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Lecture 8

# MGEB06H3 Lecture Notes - Lecture 8: Ceteris Paribus, Real Interest Rate, Keynesian Cross

Department
Economics for Management Studies
Course Code
MGEB06H3
Professor
Iris Au
Lecture
8

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Review of IS/LM Model (Chapters 10 & 11)
IS Curve
LM Curve
Ceteris paribus, the Investment Saving or IS
Curve shows all of the (Y,r) pairs that
support (lead to) equilibrium in the Goods and
Services market.
( i.e. YS = YD S = I )
Ceteris paribus, the Liquidity Market or LM
Curve shows all of the (Y,r) pairs that
support (lead to) equilibrium in the Money
(Asset) market.
( i.e. MS = MD AssetD = AssetS )
Keynesian Cross
Short-Run (SR) Equilibrium output (Y*SR)
is determined by equating planned
expenditure (E = YD) to actual expenditure
(Y = YSSR) GIVEN among other things fiscal
policy (i.e. G & T) and the real interest rate
(thus I is fixed).
Theory of Liquidity Preference
The real interest rate varies to determine
equilibrium in the money/assets market
GIVEN output (Y); the money supply (MS);
the aggregate or average price level (P); and
the real money demand curve L(Y,r).
In essence, the IS Curve combines the
interaction between r and I expressed by the
investment function and the interaction
between I and Y demonstrated by the
Keynesian cross.
Having r rise (fall) shifts E down (up) thereby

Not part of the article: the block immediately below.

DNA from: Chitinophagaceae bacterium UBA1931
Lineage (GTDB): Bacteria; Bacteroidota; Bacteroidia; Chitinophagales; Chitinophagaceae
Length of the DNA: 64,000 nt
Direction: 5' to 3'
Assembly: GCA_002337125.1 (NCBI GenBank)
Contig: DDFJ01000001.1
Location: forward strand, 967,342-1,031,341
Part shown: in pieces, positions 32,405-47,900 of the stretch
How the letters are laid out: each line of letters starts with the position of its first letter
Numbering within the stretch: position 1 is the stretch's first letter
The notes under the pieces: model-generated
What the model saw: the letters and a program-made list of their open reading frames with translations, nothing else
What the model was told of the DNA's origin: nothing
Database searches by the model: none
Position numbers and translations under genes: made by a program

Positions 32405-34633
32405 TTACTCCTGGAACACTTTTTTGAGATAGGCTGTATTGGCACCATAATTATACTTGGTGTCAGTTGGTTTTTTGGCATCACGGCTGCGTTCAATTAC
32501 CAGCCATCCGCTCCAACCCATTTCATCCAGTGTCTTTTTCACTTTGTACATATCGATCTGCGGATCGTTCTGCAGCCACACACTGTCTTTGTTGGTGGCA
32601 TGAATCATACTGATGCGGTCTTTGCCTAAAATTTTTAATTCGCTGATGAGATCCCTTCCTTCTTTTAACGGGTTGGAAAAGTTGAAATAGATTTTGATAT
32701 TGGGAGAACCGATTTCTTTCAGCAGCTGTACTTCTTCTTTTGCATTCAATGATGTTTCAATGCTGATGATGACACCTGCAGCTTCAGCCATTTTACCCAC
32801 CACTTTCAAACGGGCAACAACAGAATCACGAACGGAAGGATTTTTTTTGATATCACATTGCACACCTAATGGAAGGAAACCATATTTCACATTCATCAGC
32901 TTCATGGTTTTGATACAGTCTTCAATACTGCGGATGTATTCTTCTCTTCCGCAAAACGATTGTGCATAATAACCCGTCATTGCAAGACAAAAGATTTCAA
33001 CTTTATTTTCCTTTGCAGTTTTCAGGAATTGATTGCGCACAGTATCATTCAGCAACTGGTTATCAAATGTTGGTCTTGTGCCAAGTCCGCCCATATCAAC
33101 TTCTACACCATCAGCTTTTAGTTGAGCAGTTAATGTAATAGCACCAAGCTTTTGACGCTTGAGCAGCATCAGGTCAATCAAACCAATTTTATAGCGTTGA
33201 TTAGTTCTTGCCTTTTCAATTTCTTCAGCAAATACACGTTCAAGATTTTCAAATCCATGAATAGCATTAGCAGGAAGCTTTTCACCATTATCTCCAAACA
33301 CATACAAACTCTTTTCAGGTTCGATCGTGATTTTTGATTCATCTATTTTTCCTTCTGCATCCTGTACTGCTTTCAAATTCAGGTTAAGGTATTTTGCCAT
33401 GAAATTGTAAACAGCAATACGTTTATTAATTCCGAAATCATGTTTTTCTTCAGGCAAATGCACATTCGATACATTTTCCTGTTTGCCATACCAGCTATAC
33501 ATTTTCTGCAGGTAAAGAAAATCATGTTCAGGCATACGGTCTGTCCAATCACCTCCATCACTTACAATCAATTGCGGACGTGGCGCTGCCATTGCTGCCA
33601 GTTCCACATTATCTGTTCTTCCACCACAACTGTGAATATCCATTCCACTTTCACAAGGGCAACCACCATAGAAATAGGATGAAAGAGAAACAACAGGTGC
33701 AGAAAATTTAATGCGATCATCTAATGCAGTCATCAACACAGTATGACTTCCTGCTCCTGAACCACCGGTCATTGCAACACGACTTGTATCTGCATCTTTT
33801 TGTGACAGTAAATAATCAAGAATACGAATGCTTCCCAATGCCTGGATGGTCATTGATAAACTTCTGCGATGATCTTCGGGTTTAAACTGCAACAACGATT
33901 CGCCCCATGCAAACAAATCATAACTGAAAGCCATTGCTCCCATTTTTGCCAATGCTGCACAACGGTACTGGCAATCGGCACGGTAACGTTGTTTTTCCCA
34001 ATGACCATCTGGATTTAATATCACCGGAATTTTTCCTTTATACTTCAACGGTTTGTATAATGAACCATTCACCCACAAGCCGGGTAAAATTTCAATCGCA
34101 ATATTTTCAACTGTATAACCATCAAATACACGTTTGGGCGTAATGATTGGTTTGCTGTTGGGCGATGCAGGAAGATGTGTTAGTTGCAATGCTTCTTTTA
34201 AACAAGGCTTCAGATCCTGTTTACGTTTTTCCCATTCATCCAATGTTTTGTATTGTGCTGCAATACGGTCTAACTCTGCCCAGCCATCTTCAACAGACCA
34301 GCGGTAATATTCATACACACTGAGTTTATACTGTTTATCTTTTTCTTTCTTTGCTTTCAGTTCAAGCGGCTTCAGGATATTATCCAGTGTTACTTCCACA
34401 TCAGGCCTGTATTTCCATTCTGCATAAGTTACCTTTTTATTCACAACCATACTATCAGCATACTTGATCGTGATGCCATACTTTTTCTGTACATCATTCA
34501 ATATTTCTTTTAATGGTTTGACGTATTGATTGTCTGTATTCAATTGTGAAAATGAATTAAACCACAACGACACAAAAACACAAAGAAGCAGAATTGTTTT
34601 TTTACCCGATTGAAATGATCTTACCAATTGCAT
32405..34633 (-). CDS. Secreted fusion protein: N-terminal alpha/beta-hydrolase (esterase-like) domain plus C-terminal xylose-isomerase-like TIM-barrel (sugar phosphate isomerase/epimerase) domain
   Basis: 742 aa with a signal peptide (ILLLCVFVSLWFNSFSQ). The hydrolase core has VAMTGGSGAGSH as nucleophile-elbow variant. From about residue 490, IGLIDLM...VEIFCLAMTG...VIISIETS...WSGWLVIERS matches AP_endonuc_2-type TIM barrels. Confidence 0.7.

decreasing (increasing) Y*SR.. This traces out
the IS Curve as downward sloping.
Money market equilibrium implies all asset
markets are in equilibrium. Walras’ Law
states that if all but one market is in
equilibrium then the last market is also.
Therefore, consider assets as consisting of
two types monetary (money) and non-
monetary assets then MS = MD AssetD =
AssetS.
Having Y rise (fall) shifts the real money
demand function ( L(Y,r) ) up (down) thereby
increasing (decreasing) r*SR. This traces out
the LM Curve as upward sloping.
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IS Curve
LM Curve
Algebraic Solution
NX = 0 Closed economy
C = C0 + C1•( Y - T ) Consumption Function
I = I0 - I1r Investment Function
G = G0 Exogenous FP
(spending policy)
T = T0 Exogenous FP (tax
policy)
Y = C + I + G NII
IS Curve
Y = [ 1/(1-C1) ][ C0 + I0 + G0 - C1T0 ]
- ( I1/(1-C1) )r
derived/drawn for: C0, I0, G0, T0, C1 & I1
given, fixed or exogenous
Y-axis intercept:
Y = [ 1/(1-C1) ][ C0 + I0 + G0 - C1T0 ]
r-axis intercept:
r = [ C0 + I0 + G0 - C1T0 ]/I1
IS Slope: δr/δY = - (1-C1)/I1 < 0
Algebraic Solution
Md = P( kY - hr ) Nom money
demand
Md/P = k•r - hr Real money
demand
MS = M0 Exogenous MP (exog.
nominal money supply)
P = P0 Exogenous or fixed P level
MS = Md or MS/P = Md/P
LM Curve
Y = (1/k)(M0/P0) + ( h/k )r
derived/drawn for: M0S, P0, k & h given,
fixed or exogenous
Y-axis intercept:
Y = (1/k)(M0/P0)
r-axis intercept:
r = ( -1/h )(M0/P0)
LM Slope: δr/δY = k/h > 0
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